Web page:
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Game Audio: What we were Doing Wrong

From a business and collaboration standpoint, we’ve been doing audio wrong. Well, not totally wrong. Understandably wrong. Want to know why I think so? Lots of research and design/innovation thinking.

TL:DR – Here’s a video that walks through the rest of this article. If that’s more your style, check it out:

Hey all – my name’s Elliot Callighan. I’m a Composer and Sound Designer based in Chicago, IL and I’ve got something to say to all us game folks.

Some background: 

I began playing violin at the age of four, piano at eight, guitar at 12 and the computer at 20. I enlisted in the Army National Guard to use the education benefits to study composition and cinema audio production. Up until late last year I had been working in many industries – film, commercials, TV music & SFX libraries, trailers, and of course games. 

At the same time I had been teaching sound and music courses at DePaul University and found myself filling a game audio niche. I was the only faculty that knew considerations for game audio asset creation, implementation, or the use of middleware. Much of my work outside DePaul was coming from games, and being a gamer my whole life (starting with Streets of Rage on Genesis), I was happy to be working in games as both an educator and practitioner. 

So, I decided late last year to embrace the situation life was giving me and plunge into games head-first.

My wife, Stacy, being the wonderful person that she is offered to help me research the game audio industry. She’s helped companies such as United Airlines, Nike and FedEx think through offerings and user experiences from phone apps to football stadiums, so I was ecstatic to have her help. 

We set out on a 5-month quest to identify what was lacking in terms of audio for developers and create a process driven by the needs and desires of indie and mid-level teams.

We started out looking at 21 game audio freelancers from most to least successful in order to understand the low points & high points in their marketing and craft. Next, we analyzed 32 indie and mid-level development teams to see how they approach audio. This included researching how teams find an audio group to collaborate with and how their collaboration experiences and end audio products could improve. Lastly, we had in depth interviews with four developers (all non-audio people) to validate and challenge the patterns we were seeing and unveil further insights that had yet to come up.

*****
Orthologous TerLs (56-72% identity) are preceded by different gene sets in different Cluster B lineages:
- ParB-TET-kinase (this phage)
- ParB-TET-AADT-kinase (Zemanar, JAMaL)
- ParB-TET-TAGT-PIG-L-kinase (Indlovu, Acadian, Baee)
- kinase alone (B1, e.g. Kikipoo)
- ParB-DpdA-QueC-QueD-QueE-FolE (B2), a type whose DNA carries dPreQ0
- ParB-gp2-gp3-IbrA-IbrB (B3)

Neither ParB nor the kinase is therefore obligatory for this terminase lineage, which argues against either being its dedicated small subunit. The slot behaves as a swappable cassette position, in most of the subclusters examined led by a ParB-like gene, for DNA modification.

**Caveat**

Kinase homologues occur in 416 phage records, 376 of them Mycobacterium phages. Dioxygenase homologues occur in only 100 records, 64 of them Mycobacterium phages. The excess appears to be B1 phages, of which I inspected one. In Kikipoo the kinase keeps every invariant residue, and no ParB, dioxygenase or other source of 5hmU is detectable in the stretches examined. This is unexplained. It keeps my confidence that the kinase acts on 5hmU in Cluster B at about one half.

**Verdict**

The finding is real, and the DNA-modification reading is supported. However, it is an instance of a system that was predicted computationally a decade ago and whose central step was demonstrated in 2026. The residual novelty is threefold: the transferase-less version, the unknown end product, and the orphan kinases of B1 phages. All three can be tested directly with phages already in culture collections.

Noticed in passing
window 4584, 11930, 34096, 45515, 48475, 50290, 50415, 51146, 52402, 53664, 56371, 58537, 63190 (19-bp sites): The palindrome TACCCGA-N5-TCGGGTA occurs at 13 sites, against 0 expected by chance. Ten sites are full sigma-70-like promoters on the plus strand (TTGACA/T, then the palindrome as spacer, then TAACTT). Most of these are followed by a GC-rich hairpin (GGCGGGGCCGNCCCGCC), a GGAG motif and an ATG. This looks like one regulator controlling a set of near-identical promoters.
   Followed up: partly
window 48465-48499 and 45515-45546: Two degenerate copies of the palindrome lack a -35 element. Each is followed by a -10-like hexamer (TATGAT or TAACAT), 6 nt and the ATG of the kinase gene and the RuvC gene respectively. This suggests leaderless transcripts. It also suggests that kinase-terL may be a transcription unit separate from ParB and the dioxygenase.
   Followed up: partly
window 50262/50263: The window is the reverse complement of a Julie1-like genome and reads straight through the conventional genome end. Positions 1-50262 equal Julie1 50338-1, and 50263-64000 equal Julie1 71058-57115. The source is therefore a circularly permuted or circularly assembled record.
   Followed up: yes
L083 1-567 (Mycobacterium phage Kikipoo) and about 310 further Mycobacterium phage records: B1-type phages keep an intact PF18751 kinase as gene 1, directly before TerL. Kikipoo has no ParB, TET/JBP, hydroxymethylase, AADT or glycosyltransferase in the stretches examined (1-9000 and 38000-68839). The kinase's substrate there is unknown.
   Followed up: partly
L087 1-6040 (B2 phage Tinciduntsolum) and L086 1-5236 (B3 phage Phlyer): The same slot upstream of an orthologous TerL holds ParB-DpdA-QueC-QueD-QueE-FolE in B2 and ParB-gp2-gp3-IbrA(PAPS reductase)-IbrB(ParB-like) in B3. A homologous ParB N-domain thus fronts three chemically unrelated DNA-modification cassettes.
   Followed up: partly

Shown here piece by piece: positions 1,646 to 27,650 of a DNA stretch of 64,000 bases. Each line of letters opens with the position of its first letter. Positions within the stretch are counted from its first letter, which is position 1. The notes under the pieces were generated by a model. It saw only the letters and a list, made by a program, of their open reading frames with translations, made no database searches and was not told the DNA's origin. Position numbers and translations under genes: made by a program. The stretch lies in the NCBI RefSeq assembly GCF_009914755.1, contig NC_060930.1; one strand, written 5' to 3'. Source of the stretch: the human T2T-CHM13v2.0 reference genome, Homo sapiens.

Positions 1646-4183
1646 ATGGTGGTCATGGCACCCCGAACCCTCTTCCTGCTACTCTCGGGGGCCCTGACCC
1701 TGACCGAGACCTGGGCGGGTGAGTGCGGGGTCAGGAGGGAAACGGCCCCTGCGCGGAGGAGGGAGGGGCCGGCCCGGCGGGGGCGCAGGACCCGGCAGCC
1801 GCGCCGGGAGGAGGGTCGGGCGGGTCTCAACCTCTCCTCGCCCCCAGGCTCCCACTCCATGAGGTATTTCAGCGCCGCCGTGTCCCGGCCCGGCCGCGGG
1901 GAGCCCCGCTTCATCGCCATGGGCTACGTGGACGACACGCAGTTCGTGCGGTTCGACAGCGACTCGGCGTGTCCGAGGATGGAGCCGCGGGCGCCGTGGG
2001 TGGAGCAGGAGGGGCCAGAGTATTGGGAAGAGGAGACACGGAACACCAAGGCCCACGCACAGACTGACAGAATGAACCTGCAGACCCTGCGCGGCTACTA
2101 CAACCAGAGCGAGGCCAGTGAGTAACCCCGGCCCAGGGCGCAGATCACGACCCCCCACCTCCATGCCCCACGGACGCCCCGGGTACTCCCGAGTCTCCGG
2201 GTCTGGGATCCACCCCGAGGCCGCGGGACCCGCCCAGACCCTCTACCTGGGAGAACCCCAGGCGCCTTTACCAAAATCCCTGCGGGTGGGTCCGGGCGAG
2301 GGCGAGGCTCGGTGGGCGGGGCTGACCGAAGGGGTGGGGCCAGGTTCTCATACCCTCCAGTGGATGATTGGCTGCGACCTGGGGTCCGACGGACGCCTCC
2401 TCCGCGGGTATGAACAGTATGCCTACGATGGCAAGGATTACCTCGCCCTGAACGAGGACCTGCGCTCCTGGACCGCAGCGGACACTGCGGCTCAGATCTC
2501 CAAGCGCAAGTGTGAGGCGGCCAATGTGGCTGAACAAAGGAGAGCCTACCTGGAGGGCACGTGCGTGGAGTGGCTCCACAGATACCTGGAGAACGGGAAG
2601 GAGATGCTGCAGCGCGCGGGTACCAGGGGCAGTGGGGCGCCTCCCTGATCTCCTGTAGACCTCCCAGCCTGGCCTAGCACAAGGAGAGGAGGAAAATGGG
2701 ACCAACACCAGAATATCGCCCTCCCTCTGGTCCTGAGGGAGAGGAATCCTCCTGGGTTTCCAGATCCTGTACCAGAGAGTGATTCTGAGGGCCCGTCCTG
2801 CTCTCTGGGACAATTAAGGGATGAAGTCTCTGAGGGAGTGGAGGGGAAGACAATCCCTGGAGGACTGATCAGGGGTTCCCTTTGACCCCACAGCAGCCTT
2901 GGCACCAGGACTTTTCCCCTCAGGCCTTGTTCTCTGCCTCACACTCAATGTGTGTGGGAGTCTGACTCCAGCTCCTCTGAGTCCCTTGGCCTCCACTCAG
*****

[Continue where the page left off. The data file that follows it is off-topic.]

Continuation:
From this research, we heard three regularly recurring themes:

“Be the Audio Guru”

Teams wanted one person or group to take care of all their audio needs. Too many audio folks are currently treating themselves like a silo by only doing one aspect of audio (ie. only composing, mixing, or only SFX). Having a single audio guru would allow dev teams to communicate fluidly and decrease the existing complications from both a creative & business standpoint

“Think Like a Developer”

We heard many dev teams struggling with the current quoting, pricing and creative process with their audio collaborators. First, it can be difficult to predict how many or what type of audio assets are needed while the game is still in development in order to get an accurate quote. Second, many audio groups are coming from industries outside of gaming making it difficult to collaborate in terms that are comfortable for development teams.

“Teach Importance of Emotion”

In our research, we uncovered developers either highly valuing the importance of audio or viewing it as a last-minute need. However, those who put an emphasis on audio from beginning to end typically had more successful campaigns and games than those who didn’t – showing a true opportunity for audio to be a holistic aspect of development versus a one-off.


With these learnings in place, we began brainstorming how to activate each theme into an actionable opportunity. The first one was pretty easy – offer a one-stop total music, sound design, dialogue, trailer/promotional music and implementation solution. Check.

The second one, however, was far more complicated.

Instead of grouping services in audio terms such as dialogue, sound design, foley, etc, we heard developers desiring support that aligned with their process. Terms like “character”, “location/level” and “interface” were commonplace – foley was not. 

We also heard developers talk about their process from conception, to creation, to implementation. Most audio folks are only filling one part of this process, and don’t offer their services with this overall development process in mind. 

At this point, we identified evolved service offerings for audio needs and a more defined process these services support. We then looked at the intersection of dev services and the development process to create modules that would exactly fit a developer’s needs.

The initial feedback we received on these modules was fantastic, but our next challenge was to test the system and determine how to best price it.

Articles 2 and 3 available on LinkedIn here.

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